Your questions sounds like, do judges look at a defendant's face and try to analyze it to see if he deserves a harsher/lighter sentence, at the time of sentencing? I doubt it. If a defendant is smirking at his sentencing, he was likely smirking and treating the courtroom with disrespect throughout trial. If a defendant is crying, he was likely visibly feeling the weight of the trial on him the entire time.

Are there some judges that come out and think "I was going to sentence you to probation, but with that lack of remorse on your face, I'm going to give you 5 years"? Sure. Do all judges do that? No. Do a majority of judges do this? Doubtfully.

If the purpose of this question is to counsel defendants on how they should appear at sentencing, I don't think this is the right question to ask.
posted by jabberjaw at 12:35 PM on December 23, 2009

Anecdote: Back in college, a buddy of mine was charged with some minor statutory offense after he pissed off a cop, and he decided to go to court instead of paying the fine. I went along just to watch the show. I won't go into detail, but my friend wasn't very respectful to the judge and tried to grandstand as if he were on a court drama. The judge didn't like this at all, and he told him so in no uncertain terms, ultimately finding him guilty and ordering him to pay the minimum fine plus court fees. So while my friend's demeanor may not have directly impacted the sentence, the judge made it very clear that he thought my friend was a jerk and wanted to teach him a lesson.
posted by Faint of Butt at 12:39 PM on December 23, 2009

Judges use assessments of defendant's demeanor all the time in determining a whole host of things, and in my view it's not something to be concerned about.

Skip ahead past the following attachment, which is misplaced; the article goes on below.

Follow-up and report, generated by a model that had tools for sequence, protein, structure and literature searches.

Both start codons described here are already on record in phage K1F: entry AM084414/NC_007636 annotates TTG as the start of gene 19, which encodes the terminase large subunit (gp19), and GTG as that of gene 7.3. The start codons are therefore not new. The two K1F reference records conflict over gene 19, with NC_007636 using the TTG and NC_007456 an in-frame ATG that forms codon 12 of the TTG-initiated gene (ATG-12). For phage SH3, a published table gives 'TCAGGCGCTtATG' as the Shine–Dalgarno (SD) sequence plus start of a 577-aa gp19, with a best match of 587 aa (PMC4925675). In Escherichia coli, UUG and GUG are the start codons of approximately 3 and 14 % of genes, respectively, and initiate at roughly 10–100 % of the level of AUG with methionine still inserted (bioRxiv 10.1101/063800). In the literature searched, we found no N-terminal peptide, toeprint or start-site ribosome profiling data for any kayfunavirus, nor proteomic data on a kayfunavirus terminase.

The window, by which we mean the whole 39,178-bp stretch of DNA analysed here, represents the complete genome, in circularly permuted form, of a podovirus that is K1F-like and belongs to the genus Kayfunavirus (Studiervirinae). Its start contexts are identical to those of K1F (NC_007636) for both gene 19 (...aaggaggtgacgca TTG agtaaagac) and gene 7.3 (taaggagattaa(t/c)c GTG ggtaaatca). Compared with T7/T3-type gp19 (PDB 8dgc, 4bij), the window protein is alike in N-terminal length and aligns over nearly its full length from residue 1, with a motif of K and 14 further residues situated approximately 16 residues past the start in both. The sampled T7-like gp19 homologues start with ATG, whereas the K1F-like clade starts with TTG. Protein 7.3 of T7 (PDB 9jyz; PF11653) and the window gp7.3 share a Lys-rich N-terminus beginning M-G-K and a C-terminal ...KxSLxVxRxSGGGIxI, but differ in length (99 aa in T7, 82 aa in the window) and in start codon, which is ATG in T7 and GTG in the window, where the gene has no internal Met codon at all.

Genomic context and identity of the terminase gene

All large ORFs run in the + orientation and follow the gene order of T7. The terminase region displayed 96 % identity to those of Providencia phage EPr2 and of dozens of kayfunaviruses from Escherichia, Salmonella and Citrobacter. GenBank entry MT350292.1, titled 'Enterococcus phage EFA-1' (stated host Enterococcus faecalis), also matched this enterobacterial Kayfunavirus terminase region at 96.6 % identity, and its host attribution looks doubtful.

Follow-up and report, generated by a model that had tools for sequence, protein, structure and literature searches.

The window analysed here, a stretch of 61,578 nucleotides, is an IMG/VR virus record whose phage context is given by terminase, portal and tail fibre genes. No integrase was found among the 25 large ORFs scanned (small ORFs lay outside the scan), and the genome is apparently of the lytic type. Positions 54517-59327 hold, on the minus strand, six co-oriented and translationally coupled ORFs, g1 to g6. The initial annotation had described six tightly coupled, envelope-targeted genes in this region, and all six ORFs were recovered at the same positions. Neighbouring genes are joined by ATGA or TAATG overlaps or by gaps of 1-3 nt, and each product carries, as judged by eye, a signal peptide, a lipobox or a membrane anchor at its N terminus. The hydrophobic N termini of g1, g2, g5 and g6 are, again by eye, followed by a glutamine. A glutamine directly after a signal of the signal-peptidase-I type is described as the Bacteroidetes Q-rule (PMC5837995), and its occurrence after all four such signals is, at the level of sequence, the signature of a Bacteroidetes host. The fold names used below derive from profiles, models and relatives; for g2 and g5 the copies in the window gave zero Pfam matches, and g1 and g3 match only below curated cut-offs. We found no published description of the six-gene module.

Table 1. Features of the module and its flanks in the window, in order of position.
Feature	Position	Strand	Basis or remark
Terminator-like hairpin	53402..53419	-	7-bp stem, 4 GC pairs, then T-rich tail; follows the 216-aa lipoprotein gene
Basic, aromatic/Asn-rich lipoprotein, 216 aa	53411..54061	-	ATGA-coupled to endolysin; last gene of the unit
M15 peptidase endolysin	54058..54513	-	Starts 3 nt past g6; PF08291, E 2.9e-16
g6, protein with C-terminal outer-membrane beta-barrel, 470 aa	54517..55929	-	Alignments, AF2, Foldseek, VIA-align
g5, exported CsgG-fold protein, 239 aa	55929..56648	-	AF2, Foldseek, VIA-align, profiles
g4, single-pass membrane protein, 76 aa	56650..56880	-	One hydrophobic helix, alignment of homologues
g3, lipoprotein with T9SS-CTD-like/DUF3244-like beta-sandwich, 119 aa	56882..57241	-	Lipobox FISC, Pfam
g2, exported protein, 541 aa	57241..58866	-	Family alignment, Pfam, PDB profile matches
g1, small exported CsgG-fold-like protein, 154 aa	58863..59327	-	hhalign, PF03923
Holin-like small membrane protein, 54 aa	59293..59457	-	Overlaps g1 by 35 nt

I work in the Australian criminal courts, so there are some differences in procedure and terminology, but the basic methodology is transferrable. Any sentencing process is going to be comprised of some objective facts which have been accepted, however grudgingly, by the parties as correct. The judge has to consider the inherent gravity of the offences and any circumstances that might aggravate them. The judge will assess the defendant's 'character', which in strict legal terms is esentially your prior criminal history. This is done for two reasons, firstly to determine the extent to which the offender needs to be deterred from repeating the conduct and secondly as one of the factors in determining what the person's prospects of rehabilitation are.

The sentence that a judge arrives at should attempt to balance issues of specific deterrence (deterring the offender), general deterrence (sending a message to the community), rehabilitation, just punishment, protection of the community and so on.

The conduct of the defendant in court will have a bearing on how the judge assesses a number of these. Contrition and remorse are used as indicators of a person's moral system, acceptance of wrongdoing and likelihood of wanting to produce a meaningful change in their lives. But in my experience, you can't really make up much ground here, only lose it. Pretty much everyone looks sorry for themselves when they are sitting in the dock, so it's going to have to be a stunning example of in court demeanor that will score you some points here.